Corporate Eye

Sustainability, Brittany and Corporate Greed

Three_little_pigs_-_third_pig_builds_a_house_-_Project_Gutenberg_eText_15661Once upon a time there were three little piggies, and their names were Flopsy, Mopsy, Cottontail and Peter.  And they lived with their crotchety old grandmother underneath the mushroom at the bottom of your neighbour’s garden.

Well, as the start to a fairy tale it has some merit, even if it lacks a certain originality.  Still, it’s more believable than “once upon a time, all companies traded fairly and equally with one another in a society based upon values rather than status.”

And then, so this fairy tale goes, the Big Bad Wolf came along and-he-huffed-and-he-puffed and he destroyed this value based society by pointing out that if you were mean, mendacious and plain greedy you could make more money than your competitors.

This is the fairy tale that those who advocate compulsory sustainability and CSR measures would have us believe.  But are they right?

The Breton Point of View

This summer my family and I went camping in Brittany.  Two quirky highlights were spotting (probably) a crested tit and also visiting A&E for stitches to my left middle finger.  I also picked up Jean-Pierre Le Mat’s “History of Brittany: The Breton Point of View”.

This book goes to great lengths to point out that as one of the old Celtic nations, Brittany did not have a hierarchical society based upon military strength and serfdom.  Rather social bonds were created through obligation and vassalage.  This was swept away (as it was in the UK) by feudalism as championed by the conquering Nor(se)mans.

So it would appear that the fairy tale is in fact true although, like any good fairy tale, it’s application to modern circumstances seems rather strained at first glance.  In fact, it’s a very good analogy.

Consider the structure of your typical large corporate business.  It will be based around the running of several interlinking business units offering different products often under different brands.  Often some if not all of these business units will have been bought, but irrespective of their origin they are considered to be “owned” by the corporate whole.

This is the classic hierarchical model of feudalism.  The Top Dog (or Big Bad Wolf, if you prefer) owns the company/country, appoints lieutenants to carry out orders and those lower down the food chain are simply given a role to perform through servitude.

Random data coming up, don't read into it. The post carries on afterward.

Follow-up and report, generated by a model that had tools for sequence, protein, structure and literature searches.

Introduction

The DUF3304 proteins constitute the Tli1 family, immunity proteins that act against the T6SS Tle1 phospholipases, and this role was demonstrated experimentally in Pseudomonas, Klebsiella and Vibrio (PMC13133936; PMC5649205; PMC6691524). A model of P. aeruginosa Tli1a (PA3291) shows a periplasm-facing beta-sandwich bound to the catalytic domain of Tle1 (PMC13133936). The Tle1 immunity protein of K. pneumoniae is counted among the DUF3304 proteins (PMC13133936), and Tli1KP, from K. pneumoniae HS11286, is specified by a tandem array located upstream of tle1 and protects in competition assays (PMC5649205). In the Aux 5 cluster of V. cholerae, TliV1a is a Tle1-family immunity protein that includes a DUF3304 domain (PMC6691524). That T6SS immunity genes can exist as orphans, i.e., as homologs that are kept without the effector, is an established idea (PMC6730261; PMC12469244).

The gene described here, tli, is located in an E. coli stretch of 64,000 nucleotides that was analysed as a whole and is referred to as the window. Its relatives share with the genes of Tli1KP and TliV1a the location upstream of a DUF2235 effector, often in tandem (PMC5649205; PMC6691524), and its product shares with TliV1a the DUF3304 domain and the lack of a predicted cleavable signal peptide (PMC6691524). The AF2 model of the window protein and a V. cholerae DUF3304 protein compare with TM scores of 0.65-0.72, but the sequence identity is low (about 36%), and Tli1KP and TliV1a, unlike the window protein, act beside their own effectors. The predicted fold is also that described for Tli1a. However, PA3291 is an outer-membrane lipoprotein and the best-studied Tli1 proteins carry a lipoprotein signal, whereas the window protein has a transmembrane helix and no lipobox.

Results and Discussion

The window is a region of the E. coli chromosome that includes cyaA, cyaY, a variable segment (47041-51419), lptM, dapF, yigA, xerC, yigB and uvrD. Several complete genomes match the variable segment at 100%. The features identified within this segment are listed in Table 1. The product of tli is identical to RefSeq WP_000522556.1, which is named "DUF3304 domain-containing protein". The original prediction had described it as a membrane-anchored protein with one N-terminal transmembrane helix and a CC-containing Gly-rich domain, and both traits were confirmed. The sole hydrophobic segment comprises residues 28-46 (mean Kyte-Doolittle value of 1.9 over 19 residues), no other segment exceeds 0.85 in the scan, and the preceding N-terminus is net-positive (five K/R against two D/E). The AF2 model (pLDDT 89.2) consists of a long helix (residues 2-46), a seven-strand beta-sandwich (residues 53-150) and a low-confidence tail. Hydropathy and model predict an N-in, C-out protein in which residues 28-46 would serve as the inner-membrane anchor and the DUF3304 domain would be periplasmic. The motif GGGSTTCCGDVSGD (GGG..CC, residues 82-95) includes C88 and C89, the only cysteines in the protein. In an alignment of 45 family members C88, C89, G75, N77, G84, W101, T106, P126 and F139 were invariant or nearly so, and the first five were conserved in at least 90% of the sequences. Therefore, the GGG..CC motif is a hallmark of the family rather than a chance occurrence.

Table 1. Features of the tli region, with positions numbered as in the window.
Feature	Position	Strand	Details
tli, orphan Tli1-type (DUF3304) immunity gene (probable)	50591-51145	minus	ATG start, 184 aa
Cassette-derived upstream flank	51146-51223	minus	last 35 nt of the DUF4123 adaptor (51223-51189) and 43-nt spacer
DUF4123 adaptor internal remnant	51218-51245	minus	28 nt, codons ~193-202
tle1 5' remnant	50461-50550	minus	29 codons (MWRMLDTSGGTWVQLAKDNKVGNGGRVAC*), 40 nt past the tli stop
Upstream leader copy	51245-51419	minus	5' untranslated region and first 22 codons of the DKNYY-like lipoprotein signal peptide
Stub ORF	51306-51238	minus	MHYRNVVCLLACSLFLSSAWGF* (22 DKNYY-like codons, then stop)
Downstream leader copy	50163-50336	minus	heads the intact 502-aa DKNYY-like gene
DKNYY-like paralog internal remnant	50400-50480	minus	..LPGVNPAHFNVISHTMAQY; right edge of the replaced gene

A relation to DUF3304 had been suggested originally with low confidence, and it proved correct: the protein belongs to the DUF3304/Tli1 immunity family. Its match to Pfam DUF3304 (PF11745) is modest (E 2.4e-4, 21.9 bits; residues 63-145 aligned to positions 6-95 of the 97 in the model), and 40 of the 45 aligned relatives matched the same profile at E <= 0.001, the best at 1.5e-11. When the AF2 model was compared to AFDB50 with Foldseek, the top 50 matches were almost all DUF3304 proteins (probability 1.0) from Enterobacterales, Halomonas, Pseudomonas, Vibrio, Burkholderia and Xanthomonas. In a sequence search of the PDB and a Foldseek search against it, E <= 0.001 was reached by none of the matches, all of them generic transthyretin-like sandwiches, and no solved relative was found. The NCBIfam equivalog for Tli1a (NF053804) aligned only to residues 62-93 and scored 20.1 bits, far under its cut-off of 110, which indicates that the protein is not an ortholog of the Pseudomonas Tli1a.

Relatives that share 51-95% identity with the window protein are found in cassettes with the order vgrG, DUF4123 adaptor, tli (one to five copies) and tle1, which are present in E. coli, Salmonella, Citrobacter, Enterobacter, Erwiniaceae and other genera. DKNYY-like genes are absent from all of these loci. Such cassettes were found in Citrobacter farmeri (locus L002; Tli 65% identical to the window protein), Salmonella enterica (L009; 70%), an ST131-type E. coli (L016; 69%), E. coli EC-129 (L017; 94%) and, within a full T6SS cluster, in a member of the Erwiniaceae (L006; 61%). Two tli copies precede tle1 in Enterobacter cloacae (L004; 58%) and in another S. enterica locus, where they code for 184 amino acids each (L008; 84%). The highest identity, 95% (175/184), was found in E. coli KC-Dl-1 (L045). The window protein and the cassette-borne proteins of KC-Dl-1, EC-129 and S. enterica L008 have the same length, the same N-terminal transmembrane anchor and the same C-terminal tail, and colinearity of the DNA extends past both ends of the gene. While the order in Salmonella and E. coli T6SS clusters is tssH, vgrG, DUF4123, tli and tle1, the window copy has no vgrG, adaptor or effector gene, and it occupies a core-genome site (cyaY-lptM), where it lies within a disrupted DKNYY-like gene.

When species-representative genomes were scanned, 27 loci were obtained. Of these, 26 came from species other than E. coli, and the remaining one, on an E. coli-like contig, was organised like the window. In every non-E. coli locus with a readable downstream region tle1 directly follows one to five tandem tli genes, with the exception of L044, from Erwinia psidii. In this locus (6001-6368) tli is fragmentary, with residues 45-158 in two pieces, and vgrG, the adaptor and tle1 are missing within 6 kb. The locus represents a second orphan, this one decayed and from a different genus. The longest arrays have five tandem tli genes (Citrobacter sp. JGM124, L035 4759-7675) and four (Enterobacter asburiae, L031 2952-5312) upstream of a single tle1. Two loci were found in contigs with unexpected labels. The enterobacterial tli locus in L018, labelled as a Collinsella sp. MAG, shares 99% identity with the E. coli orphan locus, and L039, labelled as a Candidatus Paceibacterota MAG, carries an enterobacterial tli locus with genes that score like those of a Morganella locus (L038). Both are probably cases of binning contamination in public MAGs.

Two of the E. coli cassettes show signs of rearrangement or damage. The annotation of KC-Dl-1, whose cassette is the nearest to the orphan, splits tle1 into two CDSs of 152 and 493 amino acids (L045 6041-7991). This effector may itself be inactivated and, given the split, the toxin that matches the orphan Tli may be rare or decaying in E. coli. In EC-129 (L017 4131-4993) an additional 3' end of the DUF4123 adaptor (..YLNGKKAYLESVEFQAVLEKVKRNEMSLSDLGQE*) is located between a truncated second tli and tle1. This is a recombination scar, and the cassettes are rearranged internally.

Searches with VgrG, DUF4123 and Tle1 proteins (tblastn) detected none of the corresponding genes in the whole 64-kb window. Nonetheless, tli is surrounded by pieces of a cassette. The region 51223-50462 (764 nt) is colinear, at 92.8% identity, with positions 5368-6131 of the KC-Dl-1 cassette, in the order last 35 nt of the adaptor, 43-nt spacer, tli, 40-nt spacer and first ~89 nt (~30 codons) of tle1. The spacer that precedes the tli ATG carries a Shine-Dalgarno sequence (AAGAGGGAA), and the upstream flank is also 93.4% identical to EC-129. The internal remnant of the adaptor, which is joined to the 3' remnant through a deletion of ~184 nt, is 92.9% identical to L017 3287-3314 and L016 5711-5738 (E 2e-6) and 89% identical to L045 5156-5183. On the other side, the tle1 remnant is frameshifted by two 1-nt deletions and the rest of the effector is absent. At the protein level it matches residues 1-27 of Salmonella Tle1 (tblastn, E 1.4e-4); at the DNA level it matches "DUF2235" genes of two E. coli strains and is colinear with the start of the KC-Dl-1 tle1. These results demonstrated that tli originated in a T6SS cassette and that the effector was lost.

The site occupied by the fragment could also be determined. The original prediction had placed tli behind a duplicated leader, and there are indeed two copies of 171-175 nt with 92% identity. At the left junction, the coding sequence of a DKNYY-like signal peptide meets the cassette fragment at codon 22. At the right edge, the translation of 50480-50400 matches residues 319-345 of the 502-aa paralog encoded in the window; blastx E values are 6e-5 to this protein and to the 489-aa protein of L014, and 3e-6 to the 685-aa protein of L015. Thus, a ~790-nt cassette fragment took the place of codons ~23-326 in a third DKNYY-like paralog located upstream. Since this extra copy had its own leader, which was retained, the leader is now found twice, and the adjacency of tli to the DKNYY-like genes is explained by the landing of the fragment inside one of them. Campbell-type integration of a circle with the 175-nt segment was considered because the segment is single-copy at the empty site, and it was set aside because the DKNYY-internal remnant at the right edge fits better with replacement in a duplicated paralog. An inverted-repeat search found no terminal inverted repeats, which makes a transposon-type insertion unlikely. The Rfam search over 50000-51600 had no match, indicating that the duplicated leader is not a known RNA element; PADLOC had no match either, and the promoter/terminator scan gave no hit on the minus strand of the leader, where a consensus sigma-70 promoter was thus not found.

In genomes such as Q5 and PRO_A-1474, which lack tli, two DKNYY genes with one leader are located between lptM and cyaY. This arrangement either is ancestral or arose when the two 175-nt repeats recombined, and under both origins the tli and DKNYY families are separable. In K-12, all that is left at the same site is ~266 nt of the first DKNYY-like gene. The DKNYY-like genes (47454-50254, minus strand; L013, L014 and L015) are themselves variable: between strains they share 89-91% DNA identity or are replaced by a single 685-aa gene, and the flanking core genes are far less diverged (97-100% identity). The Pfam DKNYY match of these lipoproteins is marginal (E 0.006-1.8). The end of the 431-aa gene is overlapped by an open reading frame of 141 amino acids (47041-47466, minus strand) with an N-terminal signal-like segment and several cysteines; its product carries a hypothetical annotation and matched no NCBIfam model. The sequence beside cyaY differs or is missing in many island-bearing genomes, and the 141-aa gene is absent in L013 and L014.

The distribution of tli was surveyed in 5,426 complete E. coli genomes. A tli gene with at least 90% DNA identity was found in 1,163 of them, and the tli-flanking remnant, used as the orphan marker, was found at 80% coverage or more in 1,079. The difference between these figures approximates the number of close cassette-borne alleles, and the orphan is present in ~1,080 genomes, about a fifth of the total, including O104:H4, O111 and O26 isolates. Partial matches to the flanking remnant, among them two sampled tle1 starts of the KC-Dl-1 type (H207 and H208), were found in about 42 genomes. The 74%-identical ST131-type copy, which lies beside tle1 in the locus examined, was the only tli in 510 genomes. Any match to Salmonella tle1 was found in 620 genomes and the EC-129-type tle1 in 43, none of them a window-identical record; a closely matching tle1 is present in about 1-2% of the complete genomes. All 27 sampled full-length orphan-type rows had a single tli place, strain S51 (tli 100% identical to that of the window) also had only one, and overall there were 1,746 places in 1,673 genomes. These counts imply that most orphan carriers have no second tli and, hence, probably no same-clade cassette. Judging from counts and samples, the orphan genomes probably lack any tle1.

Sustainable Vassalage

Compare this to the old idea of obligation and vassalage.

Vassalage is a two way street where both parties have an obligation to one another.  Typically the “lower” one is to provide resources of some form and the “higher” one will provide protection.  Each can break the relationship at any time, and like any contract if the one does not honour their side then the other has no obligation any more.

It also informs relationships between equals, whereby a mutually supporting agreement is put in place to the benefit of all, rather than a competitively organised hierarchy where by one “has to” triumph over another.

So in short vassalage, while maintaining a hierarchical structure prefers the greatest benefit for all similar to (though not exactly the same as) the co-operative model.  Feudalism, on the other hand, is about strength and competition and if some lose out along the way, well that’s just life.

Corporate Greed

India recently became one of the first countries in the world to bring in mandatory sustainability, with laws requiring that companies donate 2 per cent of their net profits to philanthropic works.

Naturally, this reignited the whole should-CSR-be-mandatory-or-not debate.  Certainly, if you’re talking about responsibility and ethics, it can appear difficult to square this with anything mandatory and still maintain any semblance of freedom of expression and association.

Nevertheless, you have to look at how some companies have already promoted the philanthropic agenda voluntarily: establishing their own charitable trusts, for instance, or bringing a wholly supported-by-them infrastructure to destitute areas of the world.

Is this truly philanthropic, or is it just capitalism in sheep’s clothing?

What’s more, can you ever really have sustainability within a feudal corporate structure which is geared primarily around monetary strength and nothing else?

A lot of traction for sustainability and CSR has come out of the idea that you can make money from being green.  Sure you can, and a business will always need profits just like an army will always need weapons.

But to maximise profits at the expense of sustainability, to own for the sake of owning, to conquer to increase your strength … these are no more concepts of sustainability than burning down your neighbour’s house is a sign of good community relations.

Business behaviour and structure need to change.  It’s really nice to think this will happen voluntarily, a fairy tale if you like.  But realistically it won’t.  How many large corporates are about to convert to co-operative models? Which was the last one to announce profits would be down long term because sustainability had to come first?

This is the world we need to live in.  Anything else is just greenwashing .. the real fairy tale of sustainability.

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A former CTO, Chris has a broad and varied background. He’s been involved with blue chips, consultancies & SMEs across a wide variety of sectors and has worked in Europe, the Middle East and Australia. In 2007 he decided to combine his knowledge of business and IT with his passion for all things sustainable and has been busy writing ever since. However, his greatest ambition remains to brew the perfect cup of coffee.